Since the mid-2000s, productivity growth in advanced economies has been anaemic. Average annual productivity growth in the United States from 2005 to 2016 was just 1.3%, less than half of the 2.8% annual growth rate recorded between 1995 and 2004. Across other OECD countries, annual productivity growth declined from 2.3% in the 1995–2004 period to 1.1% between 2005 and 2015.

This sluggish growth appears paradoxical, given recent rapid advances in digital innovation and AI. As Erik Brynjolfsson, Daniel Rock, and Chad Syverson have noted, “We see transformative new technologies everywhere but in the productivity statistics.” But might the Covid-19 pandemic help to resolve the paradox by accelerating firms’ adoption of robots and other labour-saving innovations, thereby boosting productivity growth?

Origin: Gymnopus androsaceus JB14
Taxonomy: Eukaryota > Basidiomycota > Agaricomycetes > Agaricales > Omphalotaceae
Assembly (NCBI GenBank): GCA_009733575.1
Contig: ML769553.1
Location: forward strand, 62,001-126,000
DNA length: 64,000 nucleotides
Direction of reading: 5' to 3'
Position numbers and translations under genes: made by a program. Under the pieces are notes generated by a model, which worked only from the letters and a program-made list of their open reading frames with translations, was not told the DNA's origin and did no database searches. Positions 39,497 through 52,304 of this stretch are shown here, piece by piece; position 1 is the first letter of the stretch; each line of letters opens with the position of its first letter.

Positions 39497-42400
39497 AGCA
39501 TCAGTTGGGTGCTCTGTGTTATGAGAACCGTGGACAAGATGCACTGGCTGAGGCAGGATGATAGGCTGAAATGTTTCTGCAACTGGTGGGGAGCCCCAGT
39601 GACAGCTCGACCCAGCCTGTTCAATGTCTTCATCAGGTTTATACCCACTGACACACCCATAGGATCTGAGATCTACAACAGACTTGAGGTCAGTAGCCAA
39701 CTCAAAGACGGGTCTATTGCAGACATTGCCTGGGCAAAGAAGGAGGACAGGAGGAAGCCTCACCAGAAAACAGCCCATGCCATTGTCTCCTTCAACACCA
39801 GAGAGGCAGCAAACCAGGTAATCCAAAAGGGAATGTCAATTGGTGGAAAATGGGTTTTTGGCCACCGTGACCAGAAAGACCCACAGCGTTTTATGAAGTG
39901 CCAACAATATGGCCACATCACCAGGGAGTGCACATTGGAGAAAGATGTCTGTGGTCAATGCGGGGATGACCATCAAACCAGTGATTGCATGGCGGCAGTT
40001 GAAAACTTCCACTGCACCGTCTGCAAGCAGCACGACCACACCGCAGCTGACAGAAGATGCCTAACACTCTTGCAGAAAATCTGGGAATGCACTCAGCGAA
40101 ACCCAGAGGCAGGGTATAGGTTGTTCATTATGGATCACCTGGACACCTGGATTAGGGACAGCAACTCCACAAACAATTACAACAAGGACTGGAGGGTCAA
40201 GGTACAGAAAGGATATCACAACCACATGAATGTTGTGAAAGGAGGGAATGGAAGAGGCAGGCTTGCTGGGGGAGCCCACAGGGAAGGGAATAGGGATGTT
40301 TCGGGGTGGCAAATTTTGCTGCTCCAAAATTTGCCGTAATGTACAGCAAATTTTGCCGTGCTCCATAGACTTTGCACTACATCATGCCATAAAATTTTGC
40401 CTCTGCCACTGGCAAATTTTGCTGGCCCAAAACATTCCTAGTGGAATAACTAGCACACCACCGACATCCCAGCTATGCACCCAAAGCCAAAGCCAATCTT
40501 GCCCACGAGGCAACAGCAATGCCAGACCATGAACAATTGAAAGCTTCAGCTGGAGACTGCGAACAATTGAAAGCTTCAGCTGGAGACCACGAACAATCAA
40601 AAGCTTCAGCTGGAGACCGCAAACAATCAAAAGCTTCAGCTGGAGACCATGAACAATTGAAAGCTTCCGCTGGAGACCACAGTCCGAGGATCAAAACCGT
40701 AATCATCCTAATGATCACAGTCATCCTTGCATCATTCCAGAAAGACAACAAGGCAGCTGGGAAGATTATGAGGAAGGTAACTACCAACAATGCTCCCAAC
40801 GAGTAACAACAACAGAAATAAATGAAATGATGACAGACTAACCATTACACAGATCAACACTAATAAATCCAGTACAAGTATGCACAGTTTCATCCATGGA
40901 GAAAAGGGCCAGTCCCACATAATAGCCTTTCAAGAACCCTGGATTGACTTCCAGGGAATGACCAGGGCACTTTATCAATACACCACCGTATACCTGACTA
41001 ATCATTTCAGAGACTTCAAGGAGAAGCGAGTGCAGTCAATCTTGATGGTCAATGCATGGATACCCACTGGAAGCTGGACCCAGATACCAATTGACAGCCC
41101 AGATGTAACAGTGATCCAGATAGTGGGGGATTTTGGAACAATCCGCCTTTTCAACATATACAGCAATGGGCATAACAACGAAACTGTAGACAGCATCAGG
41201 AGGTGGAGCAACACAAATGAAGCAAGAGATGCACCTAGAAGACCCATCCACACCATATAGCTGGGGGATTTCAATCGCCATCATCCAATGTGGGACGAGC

Recent research that I co-authored shows that the pandemic has prompted an increasing number of rich-country firms to reduce their reliance on global supply chains and invest more in robots at home.

To continue reading,

Sign in to access this Premium article.

Subscription entitlements:

Less than $9 per month
3 Simultaneous logins across all devices
Unlimited access to latest and premium articles
Bonus unlimited access to online articles and virtual newspaper on The Edge Malaysia (single login)

Stay updated with Singapore corporate news stories for FREE

Follow our Telegram | Facebook